Blog

Dec5
2016

Don’t Apologize for Existing

By Dragon Harris

This month, we’re looking back on the top 10 blog posts of 2016. This post was originally published on June 20.  

Sorry. 

Sorry. 

Pardon. 

Excuse me.

Sorry.

With the onset of my depression and anxiety, “sorry” became my favorite word. Sorry for bumping into you, even if you hardly noticed. Sorry my hair sticks up on one side and I’m not wearing makeup. Sorry I’m so thin when you’re trying to lose weight. Sorry for thinking about how hard it is for me to maintain weight when you’re trying to deal with your own problems. Sorry the gift you bought me doesn’t fit. Sorry.

Sorry. 

Sorry. 

Sorry for being as smart as I am but not pursuing a career in medicine or engineering. Sorry that my leg bounces up and down and it distracted you. Sorry you feel you need to stop wearing your perfume because I’m having breathing problems.

Sorry for taking up space. Sorry for being sad or scared. Sorry for not smiling as brightly as you expect me to, or for not paying you the attention you deserve when you tell me about your day. Sorry for needing a ride instead of growing up and getting a license. Sorry for finally getting a license and not always parking perfectly or taking turns smoothly. Sorry for drawing instead of looking at you because I’ve become too anxious for eye contact.

I didn’t realize how much I was doing it until my dad said, “Stop apologizing for existing.”

“Sorry,” I said, proving his point.

Depression and anxiety told me I was worthless. They told me that I was responsible for fixing everything wrong with the lives of my loved ones. They told me I needed to stop making mistakes. They told me I needed to participate in conversations and get a social life (but they also told me not to hog the spotlight). I always needed to become better or smarter or something. Depression and anxiety told me I was never enough.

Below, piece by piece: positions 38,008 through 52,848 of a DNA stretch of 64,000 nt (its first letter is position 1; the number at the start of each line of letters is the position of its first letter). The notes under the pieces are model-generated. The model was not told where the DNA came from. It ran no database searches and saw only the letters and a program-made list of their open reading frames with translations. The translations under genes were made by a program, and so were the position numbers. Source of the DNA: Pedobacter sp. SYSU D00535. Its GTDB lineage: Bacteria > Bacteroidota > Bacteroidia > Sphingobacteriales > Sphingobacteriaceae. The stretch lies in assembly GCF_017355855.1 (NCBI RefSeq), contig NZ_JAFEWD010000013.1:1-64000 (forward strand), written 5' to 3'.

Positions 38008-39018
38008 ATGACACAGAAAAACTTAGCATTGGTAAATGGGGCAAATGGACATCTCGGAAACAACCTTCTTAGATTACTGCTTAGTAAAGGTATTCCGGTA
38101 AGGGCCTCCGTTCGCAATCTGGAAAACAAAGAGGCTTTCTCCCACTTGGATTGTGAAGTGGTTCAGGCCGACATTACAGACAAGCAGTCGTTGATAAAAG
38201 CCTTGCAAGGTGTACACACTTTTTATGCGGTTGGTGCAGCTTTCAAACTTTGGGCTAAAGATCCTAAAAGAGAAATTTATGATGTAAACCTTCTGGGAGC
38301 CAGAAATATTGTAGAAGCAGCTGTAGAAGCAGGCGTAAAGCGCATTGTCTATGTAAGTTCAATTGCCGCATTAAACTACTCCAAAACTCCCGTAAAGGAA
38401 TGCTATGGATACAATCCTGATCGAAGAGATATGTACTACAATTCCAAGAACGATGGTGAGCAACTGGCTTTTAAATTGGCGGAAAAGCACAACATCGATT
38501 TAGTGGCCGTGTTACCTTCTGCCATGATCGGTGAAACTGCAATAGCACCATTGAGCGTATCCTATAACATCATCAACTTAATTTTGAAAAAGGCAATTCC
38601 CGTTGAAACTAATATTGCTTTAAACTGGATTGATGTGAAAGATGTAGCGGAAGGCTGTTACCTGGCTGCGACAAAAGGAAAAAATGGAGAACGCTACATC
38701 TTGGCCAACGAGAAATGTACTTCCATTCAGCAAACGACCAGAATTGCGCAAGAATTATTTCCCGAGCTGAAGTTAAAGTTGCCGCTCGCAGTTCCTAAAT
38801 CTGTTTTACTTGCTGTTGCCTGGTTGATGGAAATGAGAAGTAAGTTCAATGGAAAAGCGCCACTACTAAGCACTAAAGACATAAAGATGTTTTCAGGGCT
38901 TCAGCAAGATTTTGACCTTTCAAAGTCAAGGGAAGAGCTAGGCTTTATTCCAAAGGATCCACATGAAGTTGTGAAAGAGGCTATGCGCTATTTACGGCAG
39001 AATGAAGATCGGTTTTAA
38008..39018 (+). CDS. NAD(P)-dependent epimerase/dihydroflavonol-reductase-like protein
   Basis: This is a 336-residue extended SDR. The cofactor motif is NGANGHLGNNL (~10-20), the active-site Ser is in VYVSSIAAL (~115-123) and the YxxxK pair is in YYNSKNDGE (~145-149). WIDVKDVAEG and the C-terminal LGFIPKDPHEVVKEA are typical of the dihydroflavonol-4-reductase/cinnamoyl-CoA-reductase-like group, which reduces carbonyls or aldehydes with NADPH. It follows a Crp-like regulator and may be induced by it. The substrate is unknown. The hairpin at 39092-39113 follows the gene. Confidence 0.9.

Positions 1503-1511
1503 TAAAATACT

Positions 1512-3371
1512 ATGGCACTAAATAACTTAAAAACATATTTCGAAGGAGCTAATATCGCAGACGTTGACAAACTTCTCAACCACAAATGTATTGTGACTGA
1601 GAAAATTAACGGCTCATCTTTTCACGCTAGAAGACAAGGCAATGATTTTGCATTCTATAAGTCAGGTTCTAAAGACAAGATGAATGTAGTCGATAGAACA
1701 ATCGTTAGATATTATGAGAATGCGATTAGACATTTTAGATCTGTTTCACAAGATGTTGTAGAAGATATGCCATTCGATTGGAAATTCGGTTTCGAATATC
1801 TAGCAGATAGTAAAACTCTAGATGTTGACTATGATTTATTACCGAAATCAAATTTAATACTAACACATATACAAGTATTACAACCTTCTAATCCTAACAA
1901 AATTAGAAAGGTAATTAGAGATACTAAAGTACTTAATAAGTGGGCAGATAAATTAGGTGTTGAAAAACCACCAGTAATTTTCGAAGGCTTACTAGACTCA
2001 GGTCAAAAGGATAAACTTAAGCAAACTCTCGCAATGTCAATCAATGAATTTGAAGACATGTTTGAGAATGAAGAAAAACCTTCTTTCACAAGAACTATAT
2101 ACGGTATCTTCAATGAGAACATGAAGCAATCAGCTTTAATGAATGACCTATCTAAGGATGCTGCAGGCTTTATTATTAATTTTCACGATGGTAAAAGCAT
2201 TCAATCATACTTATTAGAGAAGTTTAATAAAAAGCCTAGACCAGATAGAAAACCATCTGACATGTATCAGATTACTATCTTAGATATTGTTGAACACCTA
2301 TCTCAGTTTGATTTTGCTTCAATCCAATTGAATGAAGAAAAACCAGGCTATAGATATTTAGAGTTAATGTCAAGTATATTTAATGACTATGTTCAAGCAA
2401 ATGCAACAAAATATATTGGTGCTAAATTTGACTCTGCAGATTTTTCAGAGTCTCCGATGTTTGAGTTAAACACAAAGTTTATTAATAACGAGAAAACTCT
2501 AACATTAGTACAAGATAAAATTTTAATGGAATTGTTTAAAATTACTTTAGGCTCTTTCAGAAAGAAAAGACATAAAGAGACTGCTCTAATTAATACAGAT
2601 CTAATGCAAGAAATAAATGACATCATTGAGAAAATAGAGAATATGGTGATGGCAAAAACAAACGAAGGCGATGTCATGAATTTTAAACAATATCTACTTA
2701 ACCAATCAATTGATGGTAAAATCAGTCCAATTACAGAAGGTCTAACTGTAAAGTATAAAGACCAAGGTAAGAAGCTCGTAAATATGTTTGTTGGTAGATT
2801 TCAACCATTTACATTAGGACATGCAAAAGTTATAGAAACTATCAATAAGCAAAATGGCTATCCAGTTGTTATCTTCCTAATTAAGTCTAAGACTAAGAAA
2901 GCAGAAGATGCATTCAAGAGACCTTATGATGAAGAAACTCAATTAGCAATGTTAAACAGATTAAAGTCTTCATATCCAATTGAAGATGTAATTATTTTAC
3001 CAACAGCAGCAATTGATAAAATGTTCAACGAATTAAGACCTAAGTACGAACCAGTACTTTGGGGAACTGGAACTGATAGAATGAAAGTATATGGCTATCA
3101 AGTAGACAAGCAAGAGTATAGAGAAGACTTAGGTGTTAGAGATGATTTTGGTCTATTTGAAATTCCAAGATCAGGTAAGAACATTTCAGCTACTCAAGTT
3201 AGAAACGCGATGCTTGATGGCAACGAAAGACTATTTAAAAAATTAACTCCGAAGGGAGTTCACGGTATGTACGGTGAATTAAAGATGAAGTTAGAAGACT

They’re still telling me that. And some days, I still believe them.

But on those days I remind myself that depression and anxiety are lying. No one is perfect, and even if I’m not good enough (or so they tell me) I still have value; I can contribute in a positive way to the lives of those around me.

If depression and anxiety are lying to you, that’s OK. Just remind yourself what’s true. And most importantly, don’t apologize: for taking up space, for living your life, for being you.

You are worth more than that. You don’t have to be sorry.

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Comments (9)

  1. Lauren Carter

    Still one of my favorite articles, it is so true. You don’t have to be sorry for being here. You’re trying and that is enough.

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  2. Myriah Treaster

    I really needed this today. Thank you!

    Reply  |  
  3. Taylor Wiley

    this has really opened my eyes and actually helped me. this is really powerful and i can’t thank you enough

    Reply  |  
  4. Celeste

    Everyone always tells me I say sorry too much but I hadn’t even noticed because I’d gotten so used to it. It just became a reflex. I really love and appreciate this and it’s comforting to know that some people do understand.

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  5. Sydney

    Thank you.

    Reply  |  
  6. Pingback: Don’t Apologize for Existing | This is not a journal

  7. Kendra

    That was so true and was me to a T. Thanks

    Reply  |  
  8. Brandon

    It’s an interesting habit, definitely something I do. But is it wrong? I’ve seen by how people treat me and avoid me that my existence is a burden to others.

    Reply  |  
    1. Becky Ebert

      Brandon,

      You are definitely not a burden. You may feel that way, but you are not. If you need/want to share more of your story, please email us at info@twloha.com. We would be honored to read an email from you. And we will respond as soon as we can. Sending hope.

      Reply  |